Q: Well I know the Friends were an active group in ’73.
A:  Here it says Mrs. Mattison moved that funds which have been raised from book sales by Friends of the Library be used for the purchase of two chairs and a lamp and possible cushions for two Windsor chairs now in the library; these will provide some comfortable seating especially for senior citizens.  So that was in 1971.
Q:        So it sounds like you actually adopted the name at that time?
A:        Yes, we were referred to as Friends.  At one time Mrs. Slighen, this would be 1970, we went to Schrader’s and purchased the Windsor chairs and the lamp and the area rug for the balcony so that the children wouldn’t have to sit on the floors, I remember that.  But in ’70 or ’71, up until that time the commission was primarily the Friends of the Library. 
Q:        How do you feel when you go past the plaque in city hall with your name on it as a member of the commission that was responsible for building the new library?
A:        Well it kind of amuses me because they call it the Carlo addition, John Carlo addition, and I don’t ever recall him ever doing anything for that.  It was done with a bond issue that the city floated and paid for out of community grant funds and how he ever got involved in it I don’t know.  He was never a part of the commission.  I’m truthfully quite proud of it and when I go to the library I show the children.  I don’t know how long it’s going to be up there, but if I take my grandchildren there I show it to them that it’s there, and I hope I’m around when we do get our new library building.  Maybe my name will be up there.
Q:        Well you’re still on the commission.
A:        I’m still on the commission and it expires, I believe, in 1990.  So whether the Township wishes me... or whether I’ll still be around.  This is the only commission other than the recreation commission in the Township that has never been paid as far as I know.   (All this is strictly volunteer.)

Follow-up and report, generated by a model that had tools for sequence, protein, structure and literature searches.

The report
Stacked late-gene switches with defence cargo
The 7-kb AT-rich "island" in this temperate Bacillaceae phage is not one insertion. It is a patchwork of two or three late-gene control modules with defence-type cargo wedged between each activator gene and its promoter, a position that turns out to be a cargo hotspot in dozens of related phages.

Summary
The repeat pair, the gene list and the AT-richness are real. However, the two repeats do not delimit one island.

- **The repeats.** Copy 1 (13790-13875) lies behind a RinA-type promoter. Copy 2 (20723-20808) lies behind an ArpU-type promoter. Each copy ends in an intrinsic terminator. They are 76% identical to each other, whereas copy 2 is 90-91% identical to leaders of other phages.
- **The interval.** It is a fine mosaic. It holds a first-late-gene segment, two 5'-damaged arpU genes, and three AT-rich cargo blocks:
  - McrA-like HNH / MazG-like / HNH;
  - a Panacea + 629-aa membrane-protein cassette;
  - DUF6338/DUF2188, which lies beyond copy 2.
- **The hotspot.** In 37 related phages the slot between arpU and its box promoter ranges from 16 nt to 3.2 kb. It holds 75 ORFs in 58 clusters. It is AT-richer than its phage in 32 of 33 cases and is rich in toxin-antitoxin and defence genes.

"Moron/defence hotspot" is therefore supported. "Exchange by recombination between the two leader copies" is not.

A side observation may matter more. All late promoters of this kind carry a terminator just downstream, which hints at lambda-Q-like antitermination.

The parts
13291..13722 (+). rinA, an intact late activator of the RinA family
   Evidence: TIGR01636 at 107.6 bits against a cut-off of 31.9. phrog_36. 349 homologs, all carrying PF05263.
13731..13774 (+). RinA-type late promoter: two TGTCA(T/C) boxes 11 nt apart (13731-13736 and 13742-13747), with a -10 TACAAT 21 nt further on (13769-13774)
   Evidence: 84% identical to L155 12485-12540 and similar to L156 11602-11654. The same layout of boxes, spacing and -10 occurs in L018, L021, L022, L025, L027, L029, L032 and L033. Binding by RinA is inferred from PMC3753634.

Q:        Your budget has certainly increased over the years.
A:        But your Planning Commission, Appeals Board, your Zoning Commission, I know your city boards are never paid.
Q:        No, we’re not.
A:        But in the Township they are paid.
Q:        Oh they are?
A:        The Planning Commission, Zoning…but the library…and if you can figure from ’65 though how many meetings I have attended through snow and fog.
Q:        Oh fog, oh yes.
A:        You yourself being an active member you know what it’s like and we spent hours meeting with architects for the plan that was to go on the corner behind the community building.  We spent hours with architects for changing over to the MAGS building where they had people come in to adapt the area to a library.  So it isn’t just a meeting every two months as the situation required, you might be there twice a month.  But I’ve always felt good about it because I feel the library has done pretty well with what we’ve had to work with.  We’d love a building; maybe someday we will have it.
Q:        Well, maybe.
A:        Well a library is certainly an essential part of the community where would we be without it.  There have been a lot of dedicated people working on the library, on the library commission; Weken, Mrs. Orban, Mrs. Sliger, and Mrs. Chase.  All along there was Carol Ann Agnes was on the commission before she became active.
Q:        Now you have these records and sometime in the future are you going to be putting them on record.
A:        I have given these to Betty Griffin to go through for any background she needed to do a history of the Friends, but I don’t know what will happen with these copies of minutes…
Q:        But you might …
A:        …and  correspondence and I feel if I ever move from the area or something should happen to me that I should probably give them to the Township to do with as they see fit.

Q:        I think that’s one thing that we are concerned about when people do have good records that they are not lost, and I think that is the one thing that we do well, we are concerned about is not having records.